MEXICO CITY (Reuters) - Armed robbers broke into a Mexican government coin manufacturer on Tuesday and filled a backpack with more than $2 million (1.65 million pounds) worth of gold coins from a vault that had been left open, security officials said.
The daylight robbery was the latest high-profile crime to hit Mexico City, where crime has increased during record lawlessness plaguing the country.
Two people, one wielding a firearm, broke into a “Casa de Moneda” branch in the morning after throwing a security guard to the ground and taking his gun, Mexico City police said.
One of the robbers then went to the vault, which was open, and filled a backpack with 1,567 gold coins, police said.
The coins, known as “centenarios,” have a face value of 50 pesos, but trade for 31,500 pesos (1,325.65 pounds) a piece, according to Mexican bank Banorte. That makes the total value of the haul at least $2.5 million.
The coin was first minted in 1921 to commemorate the 100th anniversary of Mexico’s independence from Spain, according to the central bank. Production was suspended in 1931, but the coin was re-minted beginning in 1943 due to demand for gold coins.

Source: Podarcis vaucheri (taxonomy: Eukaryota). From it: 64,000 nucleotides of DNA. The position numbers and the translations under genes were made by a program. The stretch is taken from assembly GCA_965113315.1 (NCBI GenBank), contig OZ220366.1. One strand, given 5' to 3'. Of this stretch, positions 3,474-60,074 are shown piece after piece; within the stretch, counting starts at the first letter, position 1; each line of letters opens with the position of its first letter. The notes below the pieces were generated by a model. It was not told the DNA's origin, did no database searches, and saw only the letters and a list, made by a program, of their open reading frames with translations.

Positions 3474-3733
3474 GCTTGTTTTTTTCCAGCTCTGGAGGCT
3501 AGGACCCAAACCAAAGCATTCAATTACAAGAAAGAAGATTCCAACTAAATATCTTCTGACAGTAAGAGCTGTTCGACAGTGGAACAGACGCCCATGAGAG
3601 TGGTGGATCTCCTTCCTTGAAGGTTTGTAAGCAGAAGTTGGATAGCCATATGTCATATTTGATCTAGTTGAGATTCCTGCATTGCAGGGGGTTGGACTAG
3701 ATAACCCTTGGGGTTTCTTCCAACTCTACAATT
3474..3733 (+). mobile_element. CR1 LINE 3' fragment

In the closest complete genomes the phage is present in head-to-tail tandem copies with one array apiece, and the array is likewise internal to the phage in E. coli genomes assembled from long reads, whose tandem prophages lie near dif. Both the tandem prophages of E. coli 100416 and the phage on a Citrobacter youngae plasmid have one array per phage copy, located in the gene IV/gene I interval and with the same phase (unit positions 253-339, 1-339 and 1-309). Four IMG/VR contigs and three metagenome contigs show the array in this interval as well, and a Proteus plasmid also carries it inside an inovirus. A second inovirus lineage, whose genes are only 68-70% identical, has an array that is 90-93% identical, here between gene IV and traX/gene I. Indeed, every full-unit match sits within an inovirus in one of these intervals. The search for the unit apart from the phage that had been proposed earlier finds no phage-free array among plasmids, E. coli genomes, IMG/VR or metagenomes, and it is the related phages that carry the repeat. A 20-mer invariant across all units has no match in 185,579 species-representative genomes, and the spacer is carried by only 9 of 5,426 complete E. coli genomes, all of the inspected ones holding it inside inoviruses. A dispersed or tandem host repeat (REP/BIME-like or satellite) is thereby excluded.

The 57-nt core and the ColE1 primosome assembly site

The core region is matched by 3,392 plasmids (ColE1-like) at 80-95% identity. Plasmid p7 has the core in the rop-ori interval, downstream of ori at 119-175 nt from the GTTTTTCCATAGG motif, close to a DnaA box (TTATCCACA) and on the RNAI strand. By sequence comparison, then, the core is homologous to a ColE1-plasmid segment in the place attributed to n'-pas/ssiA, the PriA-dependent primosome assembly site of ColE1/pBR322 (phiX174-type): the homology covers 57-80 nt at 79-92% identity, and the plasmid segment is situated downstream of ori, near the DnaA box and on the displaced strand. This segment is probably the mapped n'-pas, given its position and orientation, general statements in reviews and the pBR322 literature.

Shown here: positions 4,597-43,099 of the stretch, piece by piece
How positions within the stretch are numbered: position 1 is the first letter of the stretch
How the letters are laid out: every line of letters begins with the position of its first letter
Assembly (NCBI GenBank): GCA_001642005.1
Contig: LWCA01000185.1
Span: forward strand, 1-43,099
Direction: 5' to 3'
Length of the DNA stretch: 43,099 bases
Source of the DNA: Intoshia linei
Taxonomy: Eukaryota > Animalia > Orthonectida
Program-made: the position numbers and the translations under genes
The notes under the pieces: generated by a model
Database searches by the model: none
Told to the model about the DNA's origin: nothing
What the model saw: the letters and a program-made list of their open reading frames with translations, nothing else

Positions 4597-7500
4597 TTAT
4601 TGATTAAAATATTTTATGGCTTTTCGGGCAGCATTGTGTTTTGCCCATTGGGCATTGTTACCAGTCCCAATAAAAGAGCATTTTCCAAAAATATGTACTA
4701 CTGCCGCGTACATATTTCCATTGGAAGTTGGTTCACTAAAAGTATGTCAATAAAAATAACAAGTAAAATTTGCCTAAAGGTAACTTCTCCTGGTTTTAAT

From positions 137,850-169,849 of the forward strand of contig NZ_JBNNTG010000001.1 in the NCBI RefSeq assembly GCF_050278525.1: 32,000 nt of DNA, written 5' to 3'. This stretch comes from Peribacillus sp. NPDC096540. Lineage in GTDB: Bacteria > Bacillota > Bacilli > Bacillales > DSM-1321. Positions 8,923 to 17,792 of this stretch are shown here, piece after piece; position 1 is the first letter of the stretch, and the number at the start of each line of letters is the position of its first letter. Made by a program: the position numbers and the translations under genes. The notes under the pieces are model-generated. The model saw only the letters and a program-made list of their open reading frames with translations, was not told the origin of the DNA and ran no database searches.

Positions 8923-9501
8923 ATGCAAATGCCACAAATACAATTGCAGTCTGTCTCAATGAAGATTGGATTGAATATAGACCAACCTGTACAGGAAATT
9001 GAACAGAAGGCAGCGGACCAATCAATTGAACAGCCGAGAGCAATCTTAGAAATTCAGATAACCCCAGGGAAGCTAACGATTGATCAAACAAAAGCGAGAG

One side bears Mexico’s coat of arms, with an eagle perched atop a cactus, and the other features the capital’s iconic Angel of Independence monument backed by the majestic Iztaccihuatl and Popocatepetl volcanoes. The coins, 37 mm (1.46 inches) in diameter, have a gold fineness of 0.900, or 90% purity.
The same Casa de Moneda branch was also broken into last year while the building was being renovated, according to Mexican media.
Mexico is suffering from record murder levels that have made the capital, long regarded as a relatively safe haven, increasingly prone to violent crime.
Last month two Israeli men were gunned down inside a high-end Mexico City shopping mall, and in a separate incident, Mexican boxing legend Julio Cesar Chavez said he was mugged at gunpoint.
Reporting by Sharay Angulo, writing by Daina Beth Solomon; Editing by Dan Grebler